We watched Back to the Future on my birthday because… well, do I really need a reason?

The plot gave me an idea for a simple game: Child travels back in time and she has to convince Mom and Daddy to make the right decisions so that she can be born. In the movie, Marty has to convince his mom and dad to get together before he disappears from the family photo. So, I wrote down Child’s name (3 letters, though your child’s name may be longer) and made the 5 cards below. The aim was to try and get the card with the date of Child’s birth before all of the letters in her name got erased.

A family member
recently succumbed to cancer of the esophagus.
Child had many questions about his life and his death which I answered
as best I could. She seemed to have some
very specific concerns: the first being the fact that he was so young when he
died, specifically, he was the same age as Child’s father. Child wanted to be reassured that her father
would not get cancer and wanted to know the causes. Then she wanted to know what happens inside
the body when one gets cancer. This
comes partly from a concern about our dog who also has cancer. Finally, she wanted to know about cures. Child already understands how the different
elements of the immune system react to harmful viruses and bacteria; but the
immune system doesn’t respond to cancer because it spreads through cell
division.

This game is meant
to explain the biological aspects of cancer: how it blocks healthy cells and
how chemotherapy kills off both cancerous and healthy cells. It is not a precise or detailed simulation,
but it is enough to give a child the basic idea of what sort of a disease it
is.

To play, you will
need a pencil, a hundred board (such as the one below), a set of cards numbered
1-100 (shuffled), and “cells” cards such as the ones below.

The game is
co-operative, though you may take turns to draw and play.

To play:

Shuffle the “cells”
cards and draw one.

If
it says “healthy cells”: draw two number cards and draw Xs on every number
between the two numbers. For example, if
you draw 63 and 71, draw Xs on 63, 64, 65…71.
However, if any of the numbers already contains a cancer cell, you write
no Xs, and lose your turn. If your
healñthy cell was laid down before you draw the cancer cell, then only the cell
with the number corresponding to the cancer cell is transformed from X to O.

If
it says “cancer cells”: draw 10 number cards and make Os on the corresponding
squares.

If
it says “chemotherapy”: draw a number card and erase any Xs or Os on all of the
numbers from 1 to the number drawn.

Keep playing until
the board is complete. If the healthy
cells outnumber the cancer cells, you win.

Sometimes small numbers are harder than big numbers. That’s because kids don’t necessarily learn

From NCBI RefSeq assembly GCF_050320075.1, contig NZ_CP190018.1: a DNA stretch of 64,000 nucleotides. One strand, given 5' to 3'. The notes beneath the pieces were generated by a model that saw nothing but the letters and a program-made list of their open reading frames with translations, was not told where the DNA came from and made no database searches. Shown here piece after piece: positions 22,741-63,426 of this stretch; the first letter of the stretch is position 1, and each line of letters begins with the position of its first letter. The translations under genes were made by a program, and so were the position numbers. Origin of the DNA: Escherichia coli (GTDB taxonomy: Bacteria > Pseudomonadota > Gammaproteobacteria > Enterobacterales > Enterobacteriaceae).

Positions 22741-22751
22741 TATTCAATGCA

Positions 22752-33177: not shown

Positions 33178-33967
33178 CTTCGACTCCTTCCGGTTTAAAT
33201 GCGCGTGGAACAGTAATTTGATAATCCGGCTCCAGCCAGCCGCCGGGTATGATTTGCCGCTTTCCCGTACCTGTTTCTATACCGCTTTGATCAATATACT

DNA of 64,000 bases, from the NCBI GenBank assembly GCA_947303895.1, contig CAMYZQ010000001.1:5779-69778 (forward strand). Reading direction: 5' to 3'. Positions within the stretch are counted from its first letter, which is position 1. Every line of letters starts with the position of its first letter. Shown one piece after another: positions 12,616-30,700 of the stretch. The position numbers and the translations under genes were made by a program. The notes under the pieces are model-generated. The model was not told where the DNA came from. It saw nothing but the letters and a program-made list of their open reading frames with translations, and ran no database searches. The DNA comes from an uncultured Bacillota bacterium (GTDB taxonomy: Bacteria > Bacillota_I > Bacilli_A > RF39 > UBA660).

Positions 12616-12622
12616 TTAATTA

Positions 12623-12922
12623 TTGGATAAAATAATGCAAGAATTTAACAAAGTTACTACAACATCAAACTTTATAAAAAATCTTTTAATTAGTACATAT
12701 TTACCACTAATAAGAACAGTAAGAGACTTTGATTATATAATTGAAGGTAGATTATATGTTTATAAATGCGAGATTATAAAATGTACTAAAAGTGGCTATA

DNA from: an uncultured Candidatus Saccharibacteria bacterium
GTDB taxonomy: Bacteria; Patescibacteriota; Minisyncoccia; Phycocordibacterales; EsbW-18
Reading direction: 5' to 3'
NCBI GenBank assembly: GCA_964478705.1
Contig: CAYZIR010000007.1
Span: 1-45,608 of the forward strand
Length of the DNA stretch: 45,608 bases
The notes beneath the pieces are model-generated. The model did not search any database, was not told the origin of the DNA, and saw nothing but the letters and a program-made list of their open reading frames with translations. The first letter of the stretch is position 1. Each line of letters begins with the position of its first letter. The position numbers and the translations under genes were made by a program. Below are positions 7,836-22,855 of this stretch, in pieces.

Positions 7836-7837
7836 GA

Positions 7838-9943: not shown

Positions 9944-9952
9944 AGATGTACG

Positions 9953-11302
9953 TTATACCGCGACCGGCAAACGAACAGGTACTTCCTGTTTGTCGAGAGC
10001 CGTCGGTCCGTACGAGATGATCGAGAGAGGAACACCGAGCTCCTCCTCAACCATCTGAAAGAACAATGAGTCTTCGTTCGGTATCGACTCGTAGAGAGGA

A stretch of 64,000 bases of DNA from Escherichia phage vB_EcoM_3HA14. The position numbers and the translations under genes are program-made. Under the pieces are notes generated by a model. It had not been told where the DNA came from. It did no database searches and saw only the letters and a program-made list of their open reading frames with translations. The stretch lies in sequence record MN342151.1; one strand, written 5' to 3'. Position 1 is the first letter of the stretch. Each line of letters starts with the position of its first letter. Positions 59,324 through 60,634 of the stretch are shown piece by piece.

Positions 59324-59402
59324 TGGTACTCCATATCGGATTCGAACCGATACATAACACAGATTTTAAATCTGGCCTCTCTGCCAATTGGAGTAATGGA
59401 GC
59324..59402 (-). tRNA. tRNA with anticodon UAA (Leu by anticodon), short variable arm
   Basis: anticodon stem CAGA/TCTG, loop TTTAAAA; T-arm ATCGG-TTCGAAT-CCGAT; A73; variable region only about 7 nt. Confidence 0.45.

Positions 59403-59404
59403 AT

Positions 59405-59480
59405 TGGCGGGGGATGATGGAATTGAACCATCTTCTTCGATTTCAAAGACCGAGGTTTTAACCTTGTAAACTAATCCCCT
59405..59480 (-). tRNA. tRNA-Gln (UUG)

math in a linear fashion. Child can
easily tell if I try to cheat her out of $20 when I owe her $750 in Monopoly
rent, but still stumbles over 8+1.

To remedy this, I came up with a simple game I call “Adjacents”. Each player gets four cards, of which they
need to make adjacent pairs. The game is
short and each round will not take longer than 3-4 minutes, though you can play
several rounds.

For example: 4+3 and 2+6 make adjacent pairs (4+3=7 and 2+6=8; 7 and 8
are adjacent numbers).

To play:

Deal four cards to each player, which they spread face up before them in
any order. They take turns to draw from
the deck and discard one of their so that they always have four cards until one
player has two adjacent pairs.

Added
challenge:

The cards
are dealt face down in a row. Players
may peek at the two outside cards once, and they may obviously look at the
cards they draw before placing them face down.
This way, players have to remember what they have and mentally check the
math.

Hundred boards are an excellent way to help children develop number
sense. In this game, they have to work
out where a given number might be.

Write the numbers 1-100 on cards and have your child arrange them on the
floor. Hide a surprise under each
number: a coin, a candy, a card with silly instructions such as “hop on one
foot” or “kiss mom”.

Write two sets of the numbers 0-9 on cards and put them in a bag or
shuffle them in a deck.

The first player draws two numbers and arranges them as they choose, so
for example, if you draw a 2 and an 8, you can have 28 or 82. Find the number and see what’s underneath! Play to an agreed-upon stopping point, or play
until you’ve finished the whole board.

One simple DIY game is to make or find 4 dice-sized cubes out of paper or wood. On one die, write the numbers 1-6 and on the second, 6-12: these will represent the hours. One the remaining two dice, write 00, 05, 10, 15, 20 etc. If you have two players, each player takes one “hour” die and one “minute” die.

Choose a time at random,
draw it on an analog clock, and see if a single player can make the time or if
they need to work together to do it. If
the player does it alone, they get the point; if they do it together, they both
get the point. End the game when someone
reaches 12 points.

You need paper cut up into about 8 squares. On one of them draw a heart. You also need four dice.

We
were practicing four digit numbers, so the obvious game is to roll four
dice and write the biggest number you can to beat the other player.
But then you draw a card, and if you get the heart, you double your
number to win!